On bullpen usage
The lengthy post I did on Hargrove’s reliance on roles and how it likely cost the team a game generated a lot of good discussion and some derision that I would even throw out Putz as an option in discussing Hargrove’s options. I disagree that this (or really, any strategy or move) is beyond questioning, and this is an important subject worth our consideration.
Here’s my basic point: modern bullpen usage, with its reliance on one-inning specialists, is a poor use of pitchers.
The role, and the mystique, only began with the invention of the save, and since the save statistic was kept, the role of the closer’s become narrower and narrower, until they’re now largely limited to only pitching the ninth, only if the team’s up 1-3 runs.
This is not how teams managed their pitchers for almost all of baseball history. For a long time, of course, pitchers were expected to go all game, and the pitchers in the bullpen were scraps and cast-offs, often starters who’d lost their endurance as they aged, random kids hoping for a shot.
Then we got the modern relief ace, the stopper, brought in to quench rallies, regularly throwing more than one inning.
In any event, I wanted to throw out some avenues for further reading about optimal bullpen usage, if you’re curious why there’s a huge contingent of really smart people who think the rigid adherence to roles, with 8th inning = setup man, 9th inning = closer, is not the best way to do things.
Baseball Prospectus stuff
“How to Run a Bullpen” (Me)
This is why modern bullpen usage is inefficient. It’s like saving your best pinch-hitter for when you’re behind by three runs, or only starting your best option at shortstop on days when there’s a full moon because that’s when things get crazy. Resources should always be deployed where they can do the most good, and modern closers as blood-lusting Gods of War, along with their Phobos/Deimos setup men (one lefty, one righty), are a bad use of resources.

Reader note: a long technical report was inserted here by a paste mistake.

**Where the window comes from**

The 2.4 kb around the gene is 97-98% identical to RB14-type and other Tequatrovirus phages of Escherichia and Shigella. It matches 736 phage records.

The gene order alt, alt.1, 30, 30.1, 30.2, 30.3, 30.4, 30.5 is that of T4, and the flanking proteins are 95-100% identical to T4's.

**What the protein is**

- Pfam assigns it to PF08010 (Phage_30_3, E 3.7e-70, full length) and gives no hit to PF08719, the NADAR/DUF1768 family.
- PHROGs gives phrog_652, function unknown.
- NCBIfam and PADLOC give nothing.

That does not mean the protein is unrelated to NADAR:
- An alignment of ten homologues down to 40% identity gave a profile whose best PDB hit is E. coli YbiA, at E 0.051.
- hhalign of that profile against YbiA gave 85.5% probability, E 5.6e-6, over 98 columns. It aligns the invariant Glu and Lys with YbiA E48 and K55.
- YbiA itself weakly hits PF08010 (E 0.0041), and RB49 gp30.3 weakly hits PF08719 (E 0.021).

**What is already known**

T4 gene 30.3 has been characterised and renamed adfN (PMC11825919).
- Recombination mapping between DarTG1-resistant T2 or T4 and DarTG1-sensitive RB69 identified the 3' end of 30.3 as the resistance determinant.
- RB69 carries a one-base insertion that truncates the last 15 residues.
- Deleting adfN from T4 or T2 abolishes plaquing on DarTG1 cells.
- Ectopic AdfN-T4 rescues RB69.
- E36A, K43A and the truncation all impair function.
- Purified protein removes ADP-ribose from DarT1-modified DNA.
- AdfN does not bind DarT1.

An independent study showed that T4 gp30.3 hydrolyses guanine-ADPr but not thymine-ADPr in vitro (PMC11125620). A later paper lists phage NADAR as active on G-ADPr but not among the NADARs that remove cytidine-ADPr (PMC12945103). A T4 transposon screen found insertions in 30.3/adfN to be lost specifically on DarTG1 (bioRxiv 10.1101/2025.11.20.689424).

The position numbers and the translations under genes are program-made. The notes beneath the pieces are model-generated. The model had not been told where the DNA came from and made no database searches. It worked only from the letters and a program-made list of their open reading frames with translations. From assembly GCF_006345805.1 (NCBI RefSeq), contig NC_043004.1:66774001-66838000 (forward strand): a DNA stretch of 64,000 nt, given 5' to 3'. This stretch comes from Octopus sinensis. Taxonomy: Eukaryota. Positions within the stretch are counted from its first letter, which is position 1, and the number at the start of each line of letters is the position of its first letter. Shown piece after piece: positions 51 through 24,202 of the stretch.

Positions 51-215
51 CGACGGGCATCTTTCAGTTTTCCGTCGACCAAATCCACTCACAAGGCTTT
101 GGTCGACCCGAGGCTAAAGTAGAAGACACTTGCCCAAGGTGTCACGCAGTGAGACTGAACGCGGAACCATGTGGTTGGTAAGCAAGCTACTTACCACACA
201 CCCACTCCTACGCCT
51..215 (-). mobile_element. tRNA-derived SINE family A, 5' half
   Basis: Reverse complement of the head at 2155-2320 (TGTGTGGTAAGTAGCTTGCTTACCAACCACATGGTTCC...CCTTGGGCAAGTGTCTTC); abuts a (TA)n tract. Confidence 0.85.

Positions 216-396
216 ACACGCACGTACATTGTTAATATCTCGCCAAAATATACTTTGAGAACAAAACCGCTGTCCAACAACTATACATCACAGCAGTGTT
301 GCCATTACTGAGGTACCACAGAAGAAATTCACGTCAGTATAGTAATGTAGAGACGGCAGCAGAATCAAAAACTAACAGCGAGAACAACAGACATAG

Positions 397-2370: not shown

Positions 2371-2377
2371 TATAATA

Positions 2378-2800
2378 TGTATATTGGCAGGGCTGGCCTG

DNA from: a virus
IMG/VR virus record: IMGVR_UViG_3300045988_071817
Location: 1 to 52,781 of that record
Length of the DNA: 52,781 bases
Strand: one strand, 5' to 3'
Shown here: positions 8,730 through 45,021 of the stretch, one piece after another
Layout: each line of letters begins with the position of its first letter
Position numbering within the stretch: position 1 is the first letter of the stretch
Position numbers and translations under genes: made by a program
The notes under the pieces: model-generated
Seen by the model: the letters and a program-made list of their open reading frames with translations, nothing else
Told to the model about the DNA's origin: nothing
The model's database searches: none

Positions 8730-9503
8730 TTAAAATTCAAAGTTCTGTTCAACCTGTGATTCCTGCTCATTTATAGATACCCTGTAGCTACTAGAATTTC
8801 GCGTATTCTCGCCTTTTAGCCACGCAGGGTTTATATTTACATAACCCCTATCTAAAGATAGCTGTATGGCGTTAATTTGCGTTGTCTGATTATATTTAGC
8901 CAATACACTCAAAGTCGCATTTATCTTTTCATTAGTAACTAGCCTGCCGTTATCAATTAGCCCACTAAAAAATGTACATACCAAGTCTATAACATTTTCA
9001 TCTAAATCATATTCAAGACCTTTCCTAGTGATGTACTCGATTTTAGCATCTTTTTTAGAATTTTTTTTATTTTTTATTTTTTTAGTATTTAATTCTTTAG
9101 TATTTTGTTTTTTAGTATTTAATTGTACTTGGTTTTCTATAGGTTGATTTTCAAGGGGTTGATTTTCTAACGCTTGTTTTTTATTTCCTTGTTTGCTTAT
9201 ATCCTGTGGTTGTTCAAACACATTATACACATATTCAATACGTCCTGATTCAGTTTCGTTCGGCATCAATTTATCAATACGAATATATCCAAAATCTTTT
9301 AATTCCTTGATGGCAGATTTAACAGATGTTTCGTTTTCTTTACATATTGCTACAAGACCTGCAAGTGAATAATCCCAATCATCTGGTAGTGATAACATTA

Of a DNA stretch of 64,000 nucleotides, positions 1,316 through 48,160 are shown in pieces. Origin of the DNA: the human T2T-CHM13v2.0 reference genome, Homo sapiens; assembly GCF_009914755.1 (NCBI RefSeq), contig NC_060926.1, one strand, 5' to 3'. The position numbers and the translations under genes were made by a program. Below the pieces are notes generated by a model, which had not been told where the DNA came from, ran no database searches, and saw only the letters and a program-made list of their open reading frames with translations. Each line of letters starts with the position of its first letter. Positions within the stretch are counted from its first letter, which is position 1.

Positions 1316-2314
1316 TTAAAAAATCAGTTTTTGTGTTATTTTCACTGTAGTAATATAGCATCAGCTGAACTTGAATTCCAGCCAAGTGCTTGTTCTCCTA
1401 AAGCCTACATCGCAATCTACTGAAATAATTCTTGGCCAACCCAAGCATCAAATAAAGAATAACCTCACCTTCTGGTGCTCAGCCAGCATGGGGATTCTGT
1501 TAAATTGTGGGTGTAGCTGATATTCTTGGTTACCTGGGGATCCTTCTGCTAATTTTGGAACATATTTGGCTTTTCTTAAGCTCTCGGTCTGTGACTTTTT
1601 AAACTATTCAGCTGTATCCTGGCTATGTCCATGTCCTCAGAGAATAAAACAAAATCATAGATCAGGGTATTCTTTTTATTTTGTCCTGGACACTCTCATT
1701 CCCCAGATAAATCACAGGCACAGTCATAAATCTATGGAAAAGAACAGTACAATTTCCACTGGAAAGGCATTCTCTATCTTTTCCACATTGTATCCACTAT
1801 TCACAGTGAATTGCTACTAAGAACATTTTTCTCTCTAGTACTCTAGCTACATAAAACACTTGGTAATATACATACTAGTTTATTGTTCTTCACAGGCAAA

Includes leverage chart!
Research into the value of closers and bullpen usage shows us that the best places to use your best relievers is in close games, especially games that are tied, or where you have a one-run lead. The difference in quality between the first and the third man out of the pen isn’t as great as is generally perceived, so worrying about saving the best pitcher for the highest-leverage inning in a tight game doesn’t make much sense. For all this, though, how to use your best relievers in a game will almost never be quite as clear as choosing a .080 advantage over a .059 advantage in spotting your second-best reliever in the seventh or eighth, because the game situation will never allow you enough future information to use relievers in a way that will appear optimal in retrospect
There’s also a good chapter on this in “Baseball Between the Numbers” (“Are teams letting their closers go to waste?” by Keith Woolner)